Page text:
7.7 x 56R : [GB] Cartridge, SA, Ball, .303-inch, Mk 7
priming cap : attachment : press fit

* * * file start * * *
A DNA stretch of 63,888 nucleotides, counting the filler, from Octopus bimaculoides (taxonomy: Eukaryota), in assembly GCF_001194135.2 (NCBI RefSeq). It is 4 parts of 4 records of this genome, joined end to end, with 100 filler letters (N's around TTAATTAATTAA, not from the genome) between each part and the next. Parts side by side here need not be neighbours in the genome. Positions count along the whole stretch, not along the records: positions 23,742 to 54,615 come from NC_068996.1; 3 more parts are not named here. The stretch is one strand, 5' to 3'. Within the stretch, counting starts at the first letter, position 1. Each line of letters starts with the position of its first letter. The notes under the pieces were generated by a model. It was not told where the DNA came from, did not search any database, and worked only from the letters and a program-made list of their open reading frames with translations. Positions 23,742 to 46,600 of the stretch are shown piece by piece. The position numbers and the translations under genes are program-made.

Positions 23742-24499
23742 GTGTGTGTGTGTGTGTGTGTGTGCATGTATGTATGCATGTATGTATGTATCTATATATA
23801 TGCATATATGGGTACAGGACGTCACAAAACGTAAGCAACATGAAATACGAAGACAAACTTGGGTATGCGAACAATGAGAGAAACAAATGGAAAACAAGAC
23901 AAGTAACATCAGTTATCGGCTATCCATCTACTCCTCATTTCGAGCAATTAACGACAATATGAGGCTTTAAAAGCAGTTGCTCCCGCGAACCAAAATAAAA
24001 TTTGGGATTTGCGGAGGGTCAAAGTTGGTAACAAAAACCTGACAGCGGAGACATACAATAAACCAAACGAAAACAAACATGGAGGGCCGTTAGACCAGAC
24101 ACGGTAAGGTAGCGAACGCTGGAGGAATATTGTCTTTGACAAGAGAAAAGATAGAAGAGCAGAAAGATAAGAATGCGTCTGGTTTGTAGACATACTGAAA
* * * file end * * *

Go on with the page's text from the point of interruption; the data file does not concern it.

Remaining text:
Reference: War Office : 1936 : Text Book of Ammunition : HMSO : : p 7. Description: Mark VII (7) Ball was originally approved in March 1910. It was loaded with a 160 grain spitzer bullet, but this very soon proved to have inherent accuracy problems. In November 1910, a version with a 174 grain composite spitzer bullet was approved for land and naval service, this approval being extended to air service in May 1919. This bullet was of composite construction, with a two-part core, the upper part being aluminium, the lower of lead/antimony alloy. Bullet jackets were mostly either cupro-nickel or gilding metal, but steel jackets were authorised at various times, as were wartime substitutes for the aluminium in the core. The round was very satisfactory, and remained the standard issue ball load for the remainder of the .303's service. The purple primer lacquer was approved in 1918. From 1915, the primer of Mark VII was 'ringed in', following instances of primer blow-out in Hotchkiss machine guns when the primer was only a press fit.